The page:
Estrogen regulates development of the somatic cell phenotype in the eutherian ovary.
ABSTRACT Steroids play a critical role in gonadal differentiation in birds, reptiles, and amphibia whereas gonadal differentiation in mammals is thought to be determined by genetic mechanisms. The gonads of female mice incapable of synthesizing estrogens due to disruption of the aromatase gene (ArKO) provide a unique model to test the role of estrogen in regulating the gonadal phenotype. We have shown that in the absence of estrogen, genetically female mice develop testicular tissue within their ovaries. The ovaries develop cells that possess structural and functional characteristics of testicular interstitial cells and of seminiferous tubule-like structures lined with Sertoli cells. Moreover, the ovaries express mRNA for the testis-specific Sertoli cell transcription factor Sox 9 and espin protein, which is specific for inter-Sertoli cell junctions. The development of the testicular tissue in this model can be reverted/postponed by replacing estrogen. When ArKO female mice were fed a diet containing phytoestrogens, the appearance of Leydig and Sertoli cells was postponed and reduced. Furthermore, administration of estradiol-17beta decreased the number of Sertoli and Leydig cells in the ovaries. These findings constitute definitive evidence that estrogen plays a critical role in maintaining female somatic interstitial and granulosa cells in the eutherian ovary.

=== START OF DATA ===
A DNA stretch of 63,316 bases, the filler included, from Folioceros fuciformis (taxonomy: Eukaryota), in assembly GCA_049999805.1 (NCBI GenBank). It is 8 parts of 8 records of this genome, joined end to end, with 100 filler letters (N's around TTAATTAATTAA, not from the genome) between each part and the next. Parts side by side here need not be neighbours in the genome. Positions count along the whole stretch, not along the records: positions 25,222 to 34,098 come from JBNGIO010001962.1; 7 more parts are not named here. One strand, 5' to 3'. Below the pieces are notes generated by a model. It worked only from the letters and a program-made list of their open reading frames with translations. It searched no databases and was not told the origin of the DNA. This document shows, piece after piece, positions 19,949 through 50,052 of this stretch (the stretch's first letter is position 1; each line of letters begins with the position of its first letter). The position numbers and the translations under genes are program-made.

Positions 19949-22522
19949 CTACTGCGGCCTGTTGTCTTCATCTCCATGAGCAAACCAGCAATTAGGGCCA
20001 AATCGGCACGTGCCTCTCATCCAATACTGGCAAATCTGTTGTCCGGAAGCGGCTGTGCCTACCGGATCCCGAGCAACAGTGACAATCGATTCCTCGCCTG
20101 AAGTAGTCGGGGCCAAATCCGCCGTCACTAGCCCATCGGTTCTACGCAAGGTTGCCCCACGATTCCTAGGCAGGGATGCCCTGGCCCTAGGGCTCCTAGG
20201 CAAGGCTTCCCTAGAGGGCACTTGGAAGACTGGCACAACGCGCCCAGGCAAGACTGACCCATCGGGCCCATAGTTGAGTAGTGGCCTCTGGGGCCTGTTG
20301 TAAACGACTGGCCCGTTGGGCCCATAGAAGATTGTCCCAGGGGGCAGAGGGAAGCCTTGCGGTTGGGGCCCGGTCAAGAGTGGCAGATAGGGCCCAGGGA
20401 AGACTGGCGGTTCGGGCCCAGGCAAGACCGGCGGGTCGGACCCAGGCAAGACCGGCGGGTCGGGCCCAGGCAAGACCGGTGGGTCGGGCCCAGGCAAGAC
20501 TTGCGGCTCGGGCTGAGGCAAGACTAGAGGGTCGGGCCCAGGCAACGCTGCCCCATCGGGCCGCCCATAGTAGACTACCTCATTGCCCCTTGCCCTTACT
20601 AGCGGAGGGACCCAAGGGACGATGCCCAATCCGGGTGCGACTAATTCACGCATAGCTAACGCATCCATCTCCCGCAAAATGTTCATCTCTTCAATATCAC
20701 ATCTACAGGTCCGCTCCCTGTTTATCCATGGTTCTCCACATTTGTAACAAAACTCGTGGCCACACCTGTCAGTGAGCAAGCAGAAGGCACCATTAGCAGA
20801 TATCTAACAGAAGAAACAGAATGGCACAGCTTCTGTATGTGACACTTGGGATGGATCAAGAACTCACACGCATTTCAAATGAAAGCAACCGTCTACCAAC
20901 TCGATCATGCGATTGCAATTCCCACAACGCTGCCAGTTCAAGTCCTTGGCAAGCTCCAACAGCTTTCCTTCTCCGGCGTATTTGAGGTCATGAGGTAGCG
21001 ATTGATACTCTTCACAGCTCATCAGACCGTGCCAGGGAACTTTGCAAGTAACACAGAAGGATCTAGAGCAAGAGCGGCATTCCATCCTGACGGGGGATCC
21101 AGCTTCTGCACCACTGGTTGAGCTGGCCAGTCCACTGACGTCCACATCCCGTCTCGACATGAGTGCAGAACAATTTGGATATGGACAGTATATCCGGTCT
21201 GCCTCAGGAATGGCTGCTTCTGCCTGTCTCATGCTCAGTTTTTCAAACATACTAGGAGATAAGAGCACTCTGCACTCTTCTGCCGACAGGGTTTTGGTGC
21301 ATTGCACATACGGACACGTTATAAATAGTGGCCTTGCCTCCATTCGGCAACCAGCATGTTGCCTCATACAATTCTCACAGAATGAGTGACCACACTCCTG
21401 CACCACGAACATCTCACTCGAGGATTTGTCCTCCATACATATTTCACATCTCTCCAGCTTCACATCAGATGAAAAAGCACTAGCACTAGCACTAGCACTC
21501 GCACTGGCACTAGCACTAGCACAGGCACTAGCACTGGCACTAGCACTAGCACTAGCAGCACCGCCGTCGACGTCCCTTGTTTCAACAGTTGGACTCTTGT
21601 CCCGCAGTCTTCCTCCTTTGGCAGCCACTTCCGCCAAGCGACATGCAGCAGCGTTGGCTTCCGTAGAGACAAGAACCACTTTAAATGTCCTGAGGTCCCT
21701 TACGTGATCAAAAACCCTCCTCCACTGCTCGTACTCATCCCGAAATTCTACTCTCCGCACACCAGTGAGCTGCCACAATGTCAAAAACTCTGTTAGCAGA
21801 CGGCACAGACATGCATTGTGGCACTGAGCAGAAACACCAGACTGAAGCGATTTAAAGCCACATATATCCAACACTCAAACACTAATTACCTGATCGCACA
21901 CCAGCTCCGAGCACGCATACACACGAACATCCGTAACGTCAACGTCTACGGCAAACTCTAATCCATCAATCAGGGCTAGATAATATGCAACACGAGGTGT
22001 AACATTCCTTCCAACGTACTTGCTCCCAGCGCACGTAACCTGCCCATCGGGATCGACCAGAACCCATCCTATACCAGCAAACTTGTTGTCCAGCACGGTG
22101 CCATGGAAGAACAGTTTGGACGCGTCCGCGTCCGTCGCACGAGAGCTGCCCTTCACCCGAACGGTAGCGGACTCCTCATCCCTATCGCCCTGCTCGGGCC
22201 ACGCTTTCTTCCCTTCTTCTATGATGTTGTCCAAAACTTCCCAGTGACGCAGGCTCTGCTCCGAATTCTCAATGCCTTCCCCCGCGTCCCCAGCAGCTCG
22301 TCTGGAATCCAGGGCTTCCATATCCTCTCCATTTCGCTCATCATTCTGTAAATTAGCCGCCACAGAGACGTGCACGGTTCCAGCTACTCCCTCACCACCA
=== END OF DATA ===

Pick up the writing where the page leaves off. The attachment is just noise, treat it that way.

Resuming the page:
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ABSTRACT: Estrogen (E) plays a pivotal role in regulating the female reproductive system, particularly the ovary. However, the number and type of ovarian genes influenced by estrogen remain to be fully elucidated. In this study, we have utilized wild-type (WT) and aromatase knockout (ArKO; estrogen free) mouse ovaries as an in vivo model to profile estrogen dependent genes. RNA from each individual ovary (n = 3) was analyzed by a microarray-based screen using Illumina Sentrix Mouse WG-6 BeadChip (45,281 transcripts). Comparative analysis (GeneSpring) showed differential expression profiles of 450 genes influenced by E, with 291 genes up-regulated and 159 down-regulated by 2-fold or greater in the ArKO ovary compared to WT. Genes previously reported to be E regulated in ArKO ovaries were confirmed, in addition to novel genes not previously reported to be expressed or regulated by E in the ovary. Of genes involved in 5 diverse functional processes (hormonal processes, reproduction, sex differentiation and determination, apoptosis and cellular processes) 78 had estrogen-responsive elements (ERE). These analyses define the transcriptome regulated by E in the mouse ovary. Further analysis and investigation will increase our knowledge pertaining to how E influences follicular development and other ovarian functions.PLoS ONE 01/2011; 6(2):e14672. · 4.09 Impact Factor